This significant contribution to the literature of international politics and diplomacy assesses the three failed peacemaking attempts during the Falklands crisis of 1982. Douglas Kinney examines the reasons for the failures in negotiations and offers several distinct but interrelated case studies in negotiating and third party mediation of international conflict. Using the Falklands crisis as an example, he examines the unique political context of the territorial crisis; what the Third World insists is the ongoing process of decolonization, the global spread of sophisticated military technologies, and the world arms bazaar. These changes in turn have led to new norms and new means of establishing territory and sovereignty, according to Kinney. Unchecked, they promise more brushfire wars like the approximately 200 the world has experienced in the peace prevailing since World War II.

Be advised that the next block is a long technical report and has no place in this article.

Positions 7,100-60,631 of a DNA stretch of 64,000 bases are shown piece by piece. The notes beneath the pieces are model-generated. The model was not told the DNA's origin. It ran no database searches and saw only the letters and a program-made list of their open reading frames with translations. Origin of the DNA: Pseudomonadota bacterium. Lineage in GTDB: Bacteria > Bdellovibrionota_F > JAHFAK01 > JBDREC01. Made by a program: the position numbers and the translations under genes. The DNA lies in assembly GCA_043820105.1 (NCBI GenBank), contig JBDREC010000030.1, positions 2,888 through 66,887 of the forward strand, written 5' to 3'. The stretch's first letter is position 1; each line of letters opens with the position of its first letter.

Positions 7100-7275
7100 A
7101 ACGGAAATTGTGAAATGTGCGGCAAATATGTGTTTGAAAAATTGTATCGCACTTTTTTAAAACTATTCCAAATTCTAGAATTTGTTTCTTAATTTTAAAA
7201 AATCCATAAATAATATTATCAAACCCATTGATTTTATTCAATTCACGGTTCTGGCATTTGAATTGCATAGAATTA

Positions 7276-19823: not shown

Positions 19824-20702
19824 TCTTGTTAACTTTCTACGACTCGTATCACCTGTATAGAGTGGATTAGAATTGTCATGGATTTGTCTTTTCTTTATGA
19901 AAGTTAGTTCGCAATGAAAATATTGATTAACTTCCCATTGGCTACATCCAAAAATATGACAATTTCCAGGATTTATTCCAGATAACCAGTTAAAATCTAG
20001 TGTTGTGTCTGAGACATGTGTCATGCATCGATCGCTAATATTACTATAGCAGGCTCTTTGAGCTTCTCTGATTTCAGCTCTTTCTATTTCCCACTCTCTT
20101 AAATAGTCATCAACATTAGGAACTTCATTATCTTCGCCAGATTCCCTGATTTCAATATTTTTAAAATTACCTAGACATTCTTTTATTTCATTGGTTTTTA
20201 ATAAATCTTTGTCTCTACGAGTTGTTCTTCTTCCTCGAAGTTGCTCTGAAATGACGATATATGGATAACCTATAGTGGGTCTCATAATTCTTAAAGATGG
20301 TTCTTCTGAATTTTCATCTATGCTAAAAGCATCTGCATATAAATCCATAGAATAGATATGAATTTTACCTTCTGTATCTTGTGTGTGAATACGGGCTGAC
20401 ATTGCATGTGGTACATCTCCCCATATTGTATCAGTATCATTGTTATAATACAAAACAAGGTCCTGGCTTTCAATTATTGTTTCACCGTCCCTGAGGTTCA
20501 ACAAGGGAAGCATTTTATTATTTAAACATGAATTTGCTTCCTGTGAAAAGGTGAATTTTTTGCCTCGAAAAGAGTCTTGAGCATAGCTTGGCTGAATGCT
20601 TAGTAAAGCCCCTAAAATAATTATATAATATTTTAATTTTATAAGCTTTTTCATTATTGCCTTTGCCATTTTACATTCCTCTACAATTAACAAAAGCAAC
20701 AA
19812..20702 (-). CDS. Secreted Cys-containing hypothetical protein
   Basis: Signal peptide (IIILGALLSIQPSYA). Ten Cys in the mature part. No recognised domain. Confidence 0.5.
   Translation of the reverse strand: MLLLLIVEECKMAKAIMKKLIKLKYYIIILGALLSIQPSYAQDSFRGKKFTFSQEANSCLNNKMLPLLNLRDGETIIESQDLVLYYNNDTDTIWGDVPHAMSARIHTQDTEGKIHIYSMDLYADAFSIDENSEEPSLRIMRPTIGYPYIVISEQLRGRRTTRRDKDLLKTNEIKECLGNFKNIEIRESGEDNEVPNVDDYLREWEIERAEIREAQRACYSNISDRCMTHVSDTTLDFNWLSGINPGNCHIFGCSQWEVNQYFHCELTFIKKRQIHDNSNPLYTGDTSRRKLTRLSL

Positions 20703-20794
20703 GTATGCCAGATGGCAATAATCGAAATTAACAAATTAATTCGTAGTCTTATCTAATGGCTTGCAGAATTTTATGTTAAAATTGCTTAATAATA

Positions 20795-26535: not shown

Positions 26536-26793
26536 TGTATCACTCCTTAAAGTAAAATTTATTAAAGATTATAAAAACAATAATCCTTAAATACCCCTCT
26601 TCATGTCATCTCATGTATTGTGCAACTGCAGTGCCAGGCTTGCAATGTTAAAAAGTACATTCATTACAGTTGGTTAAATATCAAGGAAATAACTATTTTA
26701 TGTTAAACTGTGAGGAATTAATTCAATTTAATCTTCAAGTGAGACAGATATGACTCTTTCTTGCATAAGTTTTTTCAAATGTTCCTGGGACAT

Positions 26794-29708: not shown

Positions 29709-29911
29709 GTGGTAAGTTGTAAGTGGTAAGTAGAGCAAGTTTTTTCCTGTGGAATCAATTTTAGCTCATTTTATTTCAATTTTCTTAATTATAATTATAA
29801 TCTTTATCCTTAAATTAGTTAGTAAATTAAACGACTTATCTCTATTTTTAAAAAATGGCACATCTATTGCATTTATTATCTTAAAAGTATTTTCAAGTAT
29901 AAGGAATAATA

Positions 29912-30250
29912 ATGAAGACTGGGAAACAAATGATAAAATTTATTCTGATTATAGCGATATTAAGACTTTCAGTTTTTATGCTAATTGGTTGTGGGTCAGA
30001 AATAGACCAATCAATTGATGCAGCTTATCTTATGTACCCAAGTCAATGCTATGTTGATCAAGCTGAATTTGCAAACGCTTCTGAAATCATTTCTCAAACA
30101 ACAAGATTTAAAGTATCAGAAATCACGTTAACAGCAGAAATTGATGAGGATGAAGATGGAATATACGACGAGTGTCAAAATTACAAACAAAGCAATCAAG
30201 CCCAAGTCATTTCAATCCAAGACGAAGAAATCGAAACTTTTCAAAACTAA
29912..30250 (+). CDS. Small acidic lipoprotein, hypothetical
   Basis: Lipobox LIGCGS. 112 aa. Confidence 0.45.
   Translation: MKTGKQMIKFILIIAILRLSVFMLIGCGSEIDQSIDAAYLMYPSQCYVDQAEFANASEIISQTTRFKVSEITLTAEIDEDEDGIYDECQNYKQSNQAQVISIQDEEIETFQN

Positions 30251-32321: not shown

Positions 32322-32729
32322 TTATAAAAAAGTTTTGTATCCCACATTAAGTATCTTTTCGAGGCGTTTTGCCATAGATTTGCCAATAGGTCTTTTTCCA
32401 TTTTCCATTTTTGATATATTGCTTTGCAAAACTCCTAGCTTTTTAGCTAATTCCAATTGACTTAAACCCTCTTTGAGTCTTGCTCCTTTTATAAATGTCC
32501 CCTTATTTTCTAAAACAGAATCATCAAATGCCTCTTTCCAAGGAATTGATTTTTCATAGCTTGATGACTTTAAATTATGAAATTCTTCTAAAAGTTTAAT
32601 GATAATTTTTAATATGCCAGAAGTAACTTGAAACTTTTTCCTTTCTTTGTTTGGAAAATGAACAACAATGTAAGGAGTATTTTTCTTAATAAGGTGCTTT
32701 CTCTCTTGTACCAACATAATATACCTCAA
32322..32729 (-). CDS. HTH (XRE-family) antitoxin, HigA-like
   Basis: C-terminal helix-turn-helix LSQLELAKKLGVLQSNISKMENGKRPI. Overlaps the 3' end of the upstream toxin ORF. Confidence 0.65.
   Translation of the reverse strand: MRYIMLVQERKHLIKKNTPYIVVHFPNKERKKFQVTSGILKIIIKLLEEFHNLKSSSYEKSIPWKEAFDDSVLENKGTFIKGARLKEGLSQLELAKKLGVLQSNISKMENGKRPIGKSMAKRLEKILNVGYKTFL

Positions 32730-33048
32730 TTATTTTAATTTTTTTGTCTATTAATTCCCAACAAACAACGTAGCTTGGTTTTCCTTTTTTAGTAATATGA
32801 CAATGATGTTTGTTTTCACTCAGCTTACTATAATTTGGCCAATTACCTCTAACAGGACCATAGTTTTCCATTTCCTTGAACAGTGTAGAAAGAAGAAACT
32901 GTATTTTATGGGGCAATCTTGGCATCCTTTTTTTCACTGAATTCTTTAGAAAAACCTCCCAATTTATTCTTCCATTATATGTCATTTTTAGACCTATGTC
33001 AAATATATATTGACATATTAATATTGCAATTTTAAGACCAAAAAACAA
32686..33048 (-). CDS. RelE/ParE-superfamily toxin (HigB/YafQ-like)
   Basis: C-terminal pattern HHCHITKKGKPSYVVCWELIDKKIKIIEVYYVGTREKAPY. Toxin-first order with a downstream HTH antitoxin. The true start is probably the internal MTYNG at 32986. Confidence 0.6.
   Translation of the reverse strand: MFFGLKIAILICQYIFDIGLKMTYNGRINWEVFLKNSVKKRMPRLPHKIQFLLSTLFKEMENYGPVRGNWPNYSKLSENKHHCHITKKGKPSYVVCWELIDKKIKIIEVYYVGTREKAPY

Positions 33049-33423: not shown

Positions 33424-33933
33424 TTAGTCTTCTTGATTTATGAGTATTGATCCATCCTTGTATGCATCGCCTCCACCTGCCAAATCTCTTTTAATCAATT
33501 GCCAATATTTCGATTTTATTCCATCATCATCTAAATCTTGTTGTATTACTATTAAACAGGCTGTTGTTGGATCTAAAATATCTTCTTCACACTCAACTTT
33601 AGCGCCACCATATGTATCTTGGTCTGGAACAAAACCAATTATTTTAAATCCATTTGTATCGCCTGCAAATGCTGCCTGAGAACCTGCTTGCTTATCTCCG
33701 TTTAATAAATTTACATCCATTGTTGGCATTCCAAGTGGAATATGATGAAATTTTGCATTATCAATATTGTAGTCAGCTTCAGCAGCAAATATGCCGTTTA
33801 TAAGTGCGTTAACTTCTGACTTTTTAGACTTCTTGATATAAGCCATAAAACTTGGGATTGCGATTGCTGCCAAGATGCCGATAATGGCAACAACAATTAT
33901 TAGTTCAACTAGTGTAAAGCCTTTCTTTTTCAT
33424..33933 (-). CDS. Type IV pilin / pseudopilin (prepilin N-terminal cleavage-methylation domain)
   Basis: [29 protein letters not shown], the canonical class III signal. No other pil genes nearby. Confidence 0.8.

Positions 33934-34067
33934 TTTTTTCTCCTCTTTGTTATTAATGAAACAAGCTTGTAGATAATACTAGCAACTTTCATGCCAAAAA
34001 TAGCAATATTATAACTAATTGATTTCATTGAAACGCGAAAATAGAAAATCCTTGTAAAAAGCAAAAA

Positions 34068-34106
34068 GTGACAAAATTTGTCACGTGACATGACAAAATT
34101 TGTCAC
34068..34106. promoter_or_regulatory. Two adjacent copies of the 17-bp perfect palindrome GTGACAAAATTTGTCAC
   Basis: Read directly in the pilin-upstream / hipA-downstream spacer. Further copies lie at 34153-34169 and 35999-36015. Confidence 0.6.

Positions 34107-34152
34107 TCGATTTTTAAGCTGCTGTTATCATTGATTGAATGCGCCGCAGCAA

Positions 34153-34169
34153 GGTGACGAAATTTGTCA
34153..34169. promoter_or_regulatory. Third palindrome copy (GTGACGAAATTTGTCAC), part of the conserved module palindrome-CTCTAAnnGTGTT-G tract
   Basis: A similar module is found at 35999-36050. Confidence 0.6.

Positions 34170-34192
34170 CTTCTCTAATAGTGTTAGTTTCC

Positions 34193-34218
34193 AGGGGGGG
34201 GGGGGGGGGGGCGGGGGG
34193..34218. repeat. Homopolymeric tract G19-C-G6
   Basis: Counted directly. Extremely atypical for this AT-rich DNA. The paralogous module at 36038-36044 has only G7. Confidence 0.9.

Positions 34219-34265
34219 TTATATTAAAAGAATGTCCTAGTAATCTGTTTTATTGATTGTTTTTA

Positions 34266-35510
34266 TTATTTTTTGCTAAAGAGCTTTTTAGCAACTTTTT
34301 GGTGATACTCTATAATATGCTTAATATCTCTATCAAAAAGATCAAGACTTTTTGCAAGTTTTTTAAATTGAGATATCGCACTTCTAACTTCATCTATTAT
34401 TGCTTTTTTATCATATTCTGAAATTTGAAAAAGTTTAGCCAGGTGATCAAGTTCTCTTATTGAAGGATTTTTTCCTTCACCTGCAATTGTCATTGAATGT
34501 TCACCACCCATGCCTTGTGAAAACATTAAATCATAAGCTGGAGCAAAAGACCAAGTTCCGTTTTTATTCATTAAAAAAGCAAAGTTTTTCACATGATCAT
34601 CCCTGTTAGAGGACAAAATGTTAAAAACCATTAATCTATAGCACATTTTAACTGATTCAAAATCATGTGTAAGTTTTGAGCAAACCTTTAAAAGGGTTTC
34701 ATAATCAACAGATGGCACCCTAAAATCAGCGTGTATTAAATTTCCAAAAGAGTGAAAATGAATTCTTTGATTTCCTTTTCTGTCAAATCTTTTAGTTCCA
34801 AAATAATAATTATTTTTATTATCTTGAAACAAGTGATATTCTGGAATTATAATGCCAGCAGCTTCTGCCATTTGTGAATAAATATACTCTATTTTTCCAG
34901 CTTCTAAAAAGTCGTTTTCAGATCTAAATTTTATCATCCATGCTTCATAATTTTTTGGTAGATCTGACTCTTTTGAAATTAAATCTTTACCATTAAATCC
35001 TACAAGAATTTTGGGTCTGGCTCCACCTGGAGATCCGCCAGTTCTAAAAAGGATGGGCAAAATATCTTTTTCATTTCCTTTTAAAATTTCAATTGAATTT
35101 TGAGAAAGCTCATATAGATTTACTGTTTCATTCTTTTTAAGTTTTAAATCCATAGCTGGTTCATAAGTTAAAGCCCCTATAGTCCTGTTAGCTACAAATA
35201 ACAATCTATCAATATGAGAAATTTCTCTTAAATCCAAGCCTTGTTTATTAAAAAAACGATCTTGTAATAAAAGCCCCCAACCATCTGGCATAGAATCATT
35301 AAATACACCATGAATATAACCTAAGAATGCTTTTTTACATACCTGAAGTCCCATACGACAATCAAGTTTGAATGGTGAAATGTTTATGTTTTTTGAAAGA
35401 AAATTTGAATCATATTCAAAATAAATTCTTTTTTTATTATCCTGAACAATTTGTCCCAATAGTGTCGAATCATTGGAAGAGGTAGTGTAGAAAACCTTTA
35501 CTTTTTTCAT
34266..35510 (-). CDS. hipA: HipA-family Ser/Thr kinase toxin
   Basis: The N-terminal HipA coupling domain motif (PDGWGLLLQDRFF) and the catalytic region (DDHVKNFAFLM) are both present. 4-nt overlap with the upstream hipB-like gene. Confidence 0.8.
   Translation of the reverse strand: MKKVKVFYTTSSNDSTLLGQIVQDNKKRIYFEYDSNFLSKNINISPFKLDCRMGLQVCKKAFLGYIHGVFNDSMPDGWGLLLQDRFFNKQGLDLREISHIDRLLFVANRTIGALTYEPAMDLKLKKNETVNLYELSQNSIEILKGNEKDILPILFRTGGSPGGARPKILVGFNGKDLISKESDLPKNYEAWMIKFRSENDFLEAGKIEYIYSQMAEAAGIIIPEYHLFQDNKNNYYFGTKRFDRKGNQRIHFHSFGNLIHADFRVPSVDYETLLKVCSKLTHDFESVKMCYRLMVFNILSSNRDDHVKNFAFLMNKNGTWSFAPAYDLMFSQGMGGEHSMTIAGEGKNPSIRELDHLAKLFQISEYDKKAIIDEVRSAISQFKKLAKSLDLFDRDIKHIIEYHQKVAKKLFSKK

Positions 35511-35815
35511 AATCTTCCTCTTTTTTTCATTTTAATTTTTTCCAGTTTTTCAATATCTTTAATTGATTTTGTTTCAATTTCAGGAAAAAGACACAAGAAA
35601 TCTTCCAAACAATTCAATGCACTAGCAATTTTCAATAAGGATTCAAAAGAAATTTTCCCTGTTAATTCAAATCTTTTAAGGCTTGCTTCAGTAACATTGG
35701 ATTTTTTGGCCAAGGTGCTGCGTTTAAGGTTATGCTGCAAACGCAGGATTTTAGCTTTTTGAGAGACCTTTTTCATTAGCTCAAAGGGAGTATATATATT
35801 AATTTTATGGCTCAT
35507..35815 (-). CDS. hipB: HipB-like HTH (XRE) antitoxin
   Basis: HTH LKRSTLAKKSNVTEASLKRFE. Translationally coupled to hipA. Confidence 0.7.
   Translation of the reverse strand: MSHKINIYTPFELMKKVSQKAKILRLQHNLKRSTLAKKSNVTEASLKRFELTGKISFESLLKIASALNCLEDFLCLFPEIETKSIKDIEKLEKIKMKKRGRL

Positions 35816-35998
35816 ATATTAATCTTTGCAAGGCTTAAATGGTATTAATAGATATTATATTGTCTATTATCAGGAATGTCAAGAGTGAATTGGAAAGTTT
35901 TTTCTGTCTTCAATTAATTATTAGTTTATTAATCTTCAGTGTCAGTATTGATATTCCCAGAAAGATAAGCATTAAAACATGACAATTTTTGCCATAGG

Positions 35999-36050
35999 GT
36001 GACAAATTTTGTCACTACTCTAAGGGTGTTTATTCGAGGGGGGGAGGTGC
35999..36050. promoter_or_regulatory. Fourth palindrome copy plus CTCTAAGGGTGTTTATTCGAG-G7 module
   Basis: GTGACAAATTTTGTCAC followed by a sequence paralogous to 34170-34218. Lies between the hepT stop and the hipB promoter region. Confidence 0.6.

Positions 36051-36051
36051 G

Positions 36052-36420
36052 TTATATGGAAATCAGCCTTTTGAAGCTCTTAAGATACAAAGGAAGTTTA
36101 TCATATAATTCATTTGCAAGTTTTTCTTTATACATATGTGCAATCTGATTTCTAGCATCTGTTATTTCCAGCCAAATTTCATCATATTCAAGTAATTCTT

National Interest/National Honor delineates the major stages in the diplomacy of the Falklands crisis, including the bilateral negotiations and General Assembly resolutions, third-party and Security Council preventative diplomacy, a settlement by Peru, and extended negotiations under the auspices of the Secretary General of the U.N. Kinney assesses British and Argentine diplomacy in terms of each country's national interest and honor. He offers a study of British representational democracy, politics, defense, world view, Argentine history and politics as well as the lack of political and diplomatic imagination of both parties at the source of the conflict. This book sets the Falklands War in the context of the many conflicts since World War II, and warns that such wars will likely increase as states seem to feel less and less reticence in resorting to violence in disputes over territory.